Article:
Publication - The Changing Role of Hydropower: Challenges and Opportunities

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The Changing Role of Hydropower: Challenges and Opportunities
International Renewable Energy Agency (IRENA)
Published in
February 2023
Hydropower is already the largest source of renewable electricity and an

important part of energy systems worldwide. Whilst untapped hydropower potential is vast, strict and transparent sustainability criteria will have to be followed to ensure that hydropower development is truly sustainable. IRENA’s 1.5°C Scenario suggests that if the world is to completely decarbonize and meet the climate goals set in the Paris Agreement, hydropower installed capacity, including pumped storage hydropower, should more than double by 2050. This will require annual investments in hydropower to grow roughly fivefold. However, as hydropower projects can struggle to attract investment, governments, and decision-makers need to create a suitable business environment that will attract investors. Most hydropower potential lies in developing countries. Financing institutions need to work together with governments to overcome local risks and limitations, find common ground and start funneling much-needed investment into these regions and countries. Hydropower has high value based on its ability to provide flexible energy generation and other services, namely ancillary grid services, as well as water management and socio-economic benefits. However, this value is not always recognized by existing markets. Regulatory frameworks and markets should take all hydropower services into account to reduce misalignment between compensation and infrastructure needs. Attracting the nearly USD 100 billion needed in investments will require markets that support modern hydropower operations and value the wide range of hydro services appropriately. Most hydropower assets were built several decades ago to operate under different conditions to those of today. Changes and current trends in the power sector require both an acknowledgment of the value of hydropower, and a rethinking of its future role. The increasing need to integrate variable generation resources, such as solar and wind, will lead to greater demand for grid flexibility and balancing services, and for a change in the way hydropower plants are operated and maintained. The world’s hydropower fleet is aging and will need refurbishment. This need presents an opportunity to introduce new technologies and modernize plants to fit the requirements of today’s power systems. While hydropower is susceptible to climate risks, it can also be a source of resilience when projects are adequately planned. Existing plants will have to be assessed and retrofitted where necessary to account for increased climate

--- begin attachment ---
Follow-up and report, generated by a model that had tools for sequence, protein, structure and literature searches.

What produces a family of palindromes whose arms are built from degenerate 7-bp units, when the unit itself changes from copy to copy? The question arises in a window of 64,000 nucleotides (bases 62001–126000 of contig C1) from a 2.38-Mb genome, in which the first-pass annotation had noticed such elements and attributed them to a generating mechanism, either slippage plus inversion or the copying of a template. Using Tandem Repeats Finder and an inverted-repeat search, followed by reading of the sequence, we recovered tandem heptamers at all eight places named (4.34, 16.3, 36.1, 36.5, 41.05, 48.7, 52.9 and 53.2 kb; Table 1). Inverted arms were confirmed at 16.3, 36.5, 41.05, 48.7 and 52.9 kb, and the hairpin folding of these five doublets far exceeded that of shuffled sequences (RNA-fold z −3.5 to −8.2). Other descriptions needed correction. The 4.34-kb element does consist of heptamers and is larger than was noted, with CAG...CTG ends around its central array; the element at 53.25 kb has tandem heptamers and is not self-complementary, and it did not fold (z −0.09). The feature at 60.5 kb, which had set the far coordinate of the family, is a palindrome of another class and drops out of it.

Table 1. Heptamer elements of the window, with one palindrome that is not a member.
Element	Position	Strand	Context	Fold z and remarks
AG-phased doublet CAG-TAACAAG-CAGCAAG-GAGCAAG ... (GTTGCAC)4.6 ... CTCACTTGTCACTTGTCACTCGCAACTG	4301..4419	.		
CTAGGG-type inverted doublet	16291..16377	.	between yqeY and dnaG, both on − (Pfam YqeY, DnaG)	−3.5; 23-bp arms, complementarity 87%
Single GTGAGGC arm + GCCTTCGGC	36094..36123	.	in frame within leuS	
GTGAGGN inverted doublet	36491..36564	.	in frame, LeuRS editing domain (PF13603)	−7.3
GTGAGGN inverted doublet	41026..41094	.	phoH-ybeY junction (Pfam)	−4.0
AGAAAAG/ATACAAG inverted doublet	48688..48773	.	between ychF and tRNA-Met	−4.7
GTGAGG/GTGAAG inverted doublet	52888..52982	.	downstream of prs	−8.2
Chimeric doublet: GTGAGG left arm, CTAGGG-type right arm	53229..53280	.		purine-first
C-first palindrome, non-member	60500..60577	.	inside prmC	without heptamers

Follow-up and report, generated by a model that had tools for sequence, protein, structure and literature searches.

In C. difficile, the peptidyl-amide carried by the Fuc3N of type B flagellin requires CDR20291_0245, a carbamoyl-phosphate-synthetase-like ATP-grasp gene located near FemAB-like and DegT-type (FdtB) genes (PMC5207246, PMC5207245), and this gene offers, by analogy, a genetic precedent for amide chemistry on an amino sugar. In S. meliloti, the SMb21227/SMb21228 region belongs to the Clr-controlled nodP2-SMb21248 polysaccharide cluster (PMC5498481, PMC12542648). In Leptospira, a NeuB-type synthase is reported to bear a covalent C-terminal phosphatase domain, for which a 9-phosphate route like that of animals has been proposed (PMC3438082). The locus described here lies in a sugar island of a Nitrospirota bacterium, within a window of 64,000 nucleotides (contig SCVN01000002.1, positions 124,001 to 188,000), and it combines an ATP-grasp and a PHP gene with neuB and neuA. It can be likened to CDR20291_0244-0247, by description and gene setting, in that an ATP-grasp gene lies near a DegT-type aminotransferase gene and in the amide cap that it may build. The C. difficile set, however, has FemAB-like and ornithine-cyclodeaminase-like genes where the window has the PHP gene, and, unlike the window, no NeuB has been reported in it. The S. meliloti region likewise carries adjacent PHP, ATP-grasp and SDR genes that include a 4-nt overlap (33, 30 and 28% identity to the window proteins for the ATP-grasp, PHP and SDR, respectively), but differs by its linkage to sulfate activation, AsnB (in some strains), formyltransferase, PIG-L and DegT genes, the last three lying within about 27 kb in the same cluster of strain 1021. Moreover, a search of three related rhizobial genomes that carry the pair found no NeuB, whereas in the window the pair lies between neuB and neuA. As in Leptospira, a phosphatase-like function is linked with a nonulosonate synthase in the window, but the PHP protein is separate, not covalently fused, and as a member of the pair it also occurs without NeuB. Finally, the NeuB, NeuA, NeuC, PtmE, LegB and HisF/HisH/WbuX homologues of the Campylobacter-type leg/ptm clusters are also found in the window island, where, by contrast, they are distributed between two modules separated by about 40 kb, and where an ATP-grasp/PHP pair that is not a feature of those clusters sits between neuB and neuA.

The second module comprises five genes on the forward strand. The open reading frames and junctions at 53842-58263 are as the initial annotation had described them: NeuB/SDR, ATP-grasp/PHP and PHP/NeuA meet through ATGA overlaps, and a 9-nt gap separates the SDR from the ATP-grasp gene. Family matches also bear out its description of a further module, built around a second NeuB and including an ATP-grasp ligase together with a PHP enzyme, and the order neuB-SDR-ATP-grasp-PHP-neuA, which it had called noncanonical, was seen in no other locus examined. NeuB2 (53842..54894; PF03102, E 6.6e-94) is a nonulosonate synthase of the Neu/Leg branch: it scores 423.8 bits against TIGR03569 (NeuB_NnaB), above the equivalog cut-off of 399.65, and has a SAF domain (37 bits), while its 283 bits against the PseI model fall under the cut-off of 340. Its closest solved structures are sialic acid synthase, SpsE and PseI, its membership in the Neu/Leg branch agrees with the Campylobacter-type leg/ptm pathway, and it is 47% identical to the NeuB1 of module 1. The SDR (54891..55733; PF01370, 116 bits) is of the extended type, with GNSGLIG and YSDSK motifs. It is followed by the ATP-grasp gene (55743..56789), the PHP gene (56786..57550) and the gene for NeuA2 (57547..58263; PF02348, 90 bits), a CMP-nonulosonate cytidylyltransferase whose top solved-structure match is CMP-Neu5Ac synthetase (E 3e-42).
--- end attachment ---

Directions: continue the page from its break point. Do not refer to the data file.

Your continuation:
risks, and new projects will need to incorporate these risks in their design.